Cottonwood has proven to be largely useless to man; it doesn’t burn hot, it grows bent and crooked, it’s too soft to be useful and is prone to drop heavy branches without any noticeable cause or warning.

(added later:  Cottonwood, fortunately, wasn’t commercially exploitable but was useful for carvings and masks, for example.)

But it does indicate a reliable source of water in otherwise arid climes.  Pretty smart of it, I’m thinking.  Plus, birds and all sorts of smaller creatures find it ideal.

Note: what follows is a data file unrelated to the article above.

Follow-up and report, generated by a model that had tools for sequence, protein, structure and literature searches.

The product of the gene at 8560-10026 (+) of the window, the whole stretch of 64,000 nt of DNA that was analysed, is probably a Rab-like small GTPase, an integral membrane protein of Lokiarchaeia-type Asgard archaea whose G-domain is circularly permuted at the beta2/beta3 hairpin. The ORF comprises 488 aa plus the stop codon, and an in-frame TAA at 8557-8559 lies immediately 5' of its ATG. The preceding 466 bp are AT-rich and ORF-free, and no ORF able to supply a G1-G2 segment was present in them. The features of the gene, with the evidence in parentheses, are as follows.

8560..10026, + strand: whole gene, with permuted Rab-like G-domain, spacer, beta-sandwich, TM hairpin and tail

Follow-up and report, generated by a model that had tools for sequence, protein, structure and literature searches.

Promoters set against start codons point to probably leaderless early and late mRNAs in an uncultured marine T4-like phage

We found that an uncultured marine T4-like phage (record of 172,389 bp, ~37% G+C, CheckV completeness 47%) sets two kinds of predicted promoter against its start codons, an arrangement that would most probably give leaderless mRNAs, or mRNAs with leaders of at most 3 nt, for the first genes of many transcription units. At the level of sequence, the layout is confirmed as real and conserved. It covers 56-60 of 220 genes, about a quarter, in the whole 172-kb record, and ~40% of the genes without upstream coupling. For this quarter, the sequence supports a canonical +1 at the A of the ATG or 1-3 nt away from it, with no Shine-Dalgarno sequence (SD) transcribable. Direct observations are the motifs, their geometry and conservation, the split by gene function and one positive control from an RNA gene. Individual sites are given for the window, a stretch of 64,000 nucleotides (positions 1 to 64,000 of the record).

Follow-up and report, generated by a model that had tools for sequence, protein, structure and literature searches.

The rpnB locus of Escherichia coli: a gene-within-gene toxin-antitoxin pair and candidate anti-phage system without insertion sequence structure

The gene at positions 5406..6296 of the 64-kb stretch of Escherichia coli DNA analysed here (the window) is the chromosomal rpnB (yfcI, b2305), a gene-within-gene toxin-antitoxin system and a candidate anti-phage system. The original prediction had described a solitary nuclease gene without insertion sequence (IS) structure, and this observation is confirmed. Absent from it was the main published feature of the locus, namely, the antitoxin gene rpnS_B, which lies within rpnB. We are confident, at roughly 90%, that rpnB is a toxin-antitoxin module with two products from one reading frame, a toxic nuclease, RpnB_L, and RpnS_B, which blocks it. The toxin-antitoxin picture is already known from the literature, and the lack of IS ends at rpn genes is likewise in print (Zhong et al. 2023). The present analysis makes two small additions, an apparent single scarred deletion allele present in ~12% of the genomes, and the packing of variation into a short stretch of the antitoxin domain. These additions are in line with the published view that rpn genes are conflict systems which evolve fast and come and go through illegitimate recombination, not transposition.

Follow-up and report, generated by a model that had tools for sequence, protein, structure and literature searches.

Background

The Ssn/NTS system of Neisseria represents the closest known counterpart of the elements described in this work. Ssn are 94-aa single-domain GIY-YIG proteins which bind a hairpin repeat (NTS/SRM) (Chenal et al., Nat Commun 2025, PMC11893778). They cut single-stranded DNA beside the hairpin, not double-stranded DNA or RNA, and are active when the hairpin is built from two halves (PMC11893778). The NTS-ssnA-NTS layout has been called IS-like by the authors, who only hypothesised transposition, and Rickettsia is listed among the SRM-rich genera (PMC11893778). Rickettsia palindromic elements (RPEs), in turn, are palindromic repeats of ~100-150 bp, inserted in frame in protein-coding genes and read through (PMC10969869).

A hazy afternoon, sidelit.

Yes, that’s a trail around the base of the tree (right bottom), a coyote trail.  The green is mostly Yerba del Mansa and marsh grass.

As I stated above, it is known to grow bent and crooked.

One that simply broke off, fell over and is slowly breaking down.  This grass is fairly common in the riparian areas of our SW desert.

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